Home > Ross v. Director of Revenue

Ross v. Director of Revenue

311 S.W.3d 732 (2010)
Natalie R. ROSS, Appellant,
v.
DIRECTOR OF REVENUE, Respondent.
No. SC 90317.

Supreme Court of Missouri, En Banc.

February 9, 2010.

733*733 Jeffrey S. Eastman, Keleher & Eastman, Gladstone, MO, for Appellant.

Chris Koster, Atty. Gen., Jeremiah J. Morgan, Deputy Solicitor Gen., Jefferson City, MO, for Respondent.

MARY R. RUSSELL, Judge.

At issue in this case is whether the Director of Revenue properly revoked the driver's license of a driver who refused to submit to a breathalyzer test offered more than 90 minutes after a police officer encountered her at the scene of an accident.[1]

Background

A police officer was sent to investigate a report of a woman standing on the shoulder of an interstate. When the officer arrived at the reported location, he observed fresh scrape marks on the roadway, but he did not immediately see the woman. He followed the scrape marks and discovered that a vehicle had traveled off the roadway and down an embankment, suffering extensive damage to its front end and driver's side.

The officer discovered a woman and a man inside the vehicle. Natalie Ross was in the front passenger seat, and Ryan Newbury was lying across the rear seats. Neither was injured, but a strong odor of intoxicants came from the car. The officer saw a marijuana pipe in the driver's seat of the vehicle, and the pipe contained the residue and odor of marijuana. The officer noticed that Ross's eyes were watery and bloodshot, and her speech was also impaired. She denied that she was the woman seen walking on the shoulder of the interstate, and she also denied that she was the driver of the vehicle. She identified the driver as a friend whom she could not name.

The officer asked Ross to exit the vehicle. She was missing a shoe, and she elected to walk barefoot up the snowy embankment to the interstate shoulder. She then was arrested for possession of drug paraphernalia and placed in the officer's patrol car.

During the officer's investigation at the accident scene, he saw footprints in the snow from the shoulder of the roadway to the driver's side of the vehicle. He believed the footprints were from high-heeled or female shoes. About halfway up the hillside, he found Ross's missing shoe. 734*734 He saw footprints consistent with Newbury's shoes around the passenger side of the vehicle, but he did not see Ross's footprints near the passenger side. The officer informed Ross she was also being arrested for careless and imprudent driving.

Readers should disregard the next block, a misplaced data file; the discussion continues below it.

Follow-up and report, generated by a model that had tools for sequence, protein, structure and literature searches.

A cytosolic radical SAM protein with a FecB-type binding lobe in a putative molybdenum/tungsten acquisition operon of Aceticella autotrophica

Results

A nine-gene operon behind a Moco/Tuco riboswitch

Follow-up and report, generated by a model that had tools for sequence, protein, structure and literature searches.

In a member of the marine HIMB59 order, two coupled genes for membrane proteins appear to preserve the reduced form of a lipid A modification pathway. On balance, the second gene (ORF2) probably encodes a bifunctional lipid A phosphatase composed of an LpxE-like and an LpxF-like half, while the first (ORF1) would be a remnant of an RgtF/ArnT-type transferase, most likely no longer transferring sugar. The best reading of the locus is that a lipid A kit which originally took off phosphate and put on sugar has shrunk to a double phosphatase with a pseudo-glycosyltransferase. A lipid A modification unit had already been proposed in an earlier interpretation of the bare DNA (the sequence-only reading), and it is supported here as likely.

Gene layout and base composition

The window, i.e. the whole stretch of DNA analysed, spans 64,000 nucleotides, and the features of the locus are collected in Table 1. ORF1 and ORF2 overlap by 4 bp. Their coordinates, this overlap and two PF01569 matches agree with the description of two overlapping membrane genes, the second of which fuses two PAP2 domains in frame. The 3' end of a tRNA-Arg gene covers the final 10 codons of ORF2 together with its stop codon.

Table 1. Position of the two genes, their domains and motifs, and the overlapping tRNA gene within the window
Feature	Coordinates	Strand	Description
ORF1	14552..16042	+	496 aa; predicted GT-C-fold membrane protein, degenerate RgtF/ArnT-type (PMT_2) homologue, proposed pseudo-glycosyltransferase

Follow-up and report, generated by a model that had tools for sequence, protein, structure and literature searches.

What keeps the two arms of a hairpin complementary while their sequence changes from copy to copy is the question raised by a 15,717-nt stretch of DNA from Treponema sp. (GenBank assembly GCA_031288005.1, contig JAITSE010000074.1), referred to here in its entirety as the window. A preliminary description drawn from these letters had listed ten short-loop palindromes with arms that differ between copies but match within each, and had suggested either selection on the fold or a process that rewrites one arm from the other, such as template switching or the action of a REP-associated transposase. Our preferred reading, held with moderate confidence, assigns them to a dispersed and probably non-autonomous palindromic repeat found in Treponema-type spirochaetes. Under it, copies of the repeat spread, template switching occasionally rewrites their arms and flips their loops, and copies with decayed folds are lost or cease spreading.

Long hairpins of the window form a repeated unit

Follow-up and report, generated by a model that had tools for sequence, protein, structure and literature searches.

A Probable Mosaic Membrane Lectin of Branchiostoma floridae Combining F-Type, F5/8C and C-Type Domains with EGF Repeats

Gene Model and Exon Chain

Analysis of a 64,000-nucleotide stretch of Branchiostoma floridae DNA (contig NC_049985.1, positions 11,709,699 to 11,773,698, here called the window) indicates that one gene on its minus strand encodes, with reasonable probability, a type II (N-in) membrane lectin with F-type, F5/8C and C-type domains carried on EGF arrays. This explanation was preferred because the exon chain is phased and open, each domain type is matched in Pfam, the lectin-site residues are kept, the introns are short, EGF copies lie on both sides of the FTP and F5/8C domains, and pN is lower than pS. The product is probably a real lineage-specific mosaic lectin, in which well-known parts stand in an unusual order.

Because of Ross's lack of shoes and the cold temperature, the officer chose not to administer field sobriety tests at the scene. He transported her to a detention facility, where she was given and failed a series of field sobriety tests. She then was placed under arrest for driving while intoxicated (DWI), a charge to which she later pleaded guilty. See sec. 577.010, RSMo 2000.[2]

After her arrest for DWI, the officer read Ross the implied consent law for chemical testing. The implied consent law, section 577.020, outlines the circumstances in which a motor vehicle operator gives implied consent for chemical testing for blood alcohol or drug content (BAC). Relevant to the issues in Ross's case, it provides for implied consent in any circumstance in which the motor vehicle operator is "arrested for any offense arising out of acts which the arresting officer had reasonable grounds to believe were committed while the person was driving a motor vehicle while in an intoxicated or drugged condition." Sec. 577.020.1(1). After being informed of the implied consent law, Ross refused to submit to a breathalyzer test.

The timeline for the officer's interactions with Ross is as follows:

Around 2:15 a.m. The police officer encountered Ross at the crash site.
Around 2:20 a.m. Ross was arrested for possession of drug paraphernalia, then shortly afterward also was arrested for careless and imprudent driving.
Around 3:50 a.m. Ross was tested for sobriety, was placed under arrest for DWI, and refused to submit to a breathalyzer test after being read an implied consent advisory.

Based on Ross's refusal to submit to a breathalyzer test, the Director of Revenue sought to revoke her driver's license pursuant to the revocation statute, section 577.041. Ross challenges the revocation of her driver's license pursuant to subsection 4 of the revocation statute, which provides in relevant part:

If a person's license has been revoked because of the person's refusal to submit to a chemical test, such person may petition for a hearing before a circuit or associate circuit court in the county in which the arrest or stop occurred.... At the hearing the court shall determine only:
(1) Whether or not the person was arrested or stopped;
(2) Whether or not the officer had [r]easonable grounds to believe that the person was driving a motor vehicle while in an intoxicated or drugged condition ...; [and]
(3) Whether or not the person refused to submit to the test.

Sec. 577.041.4.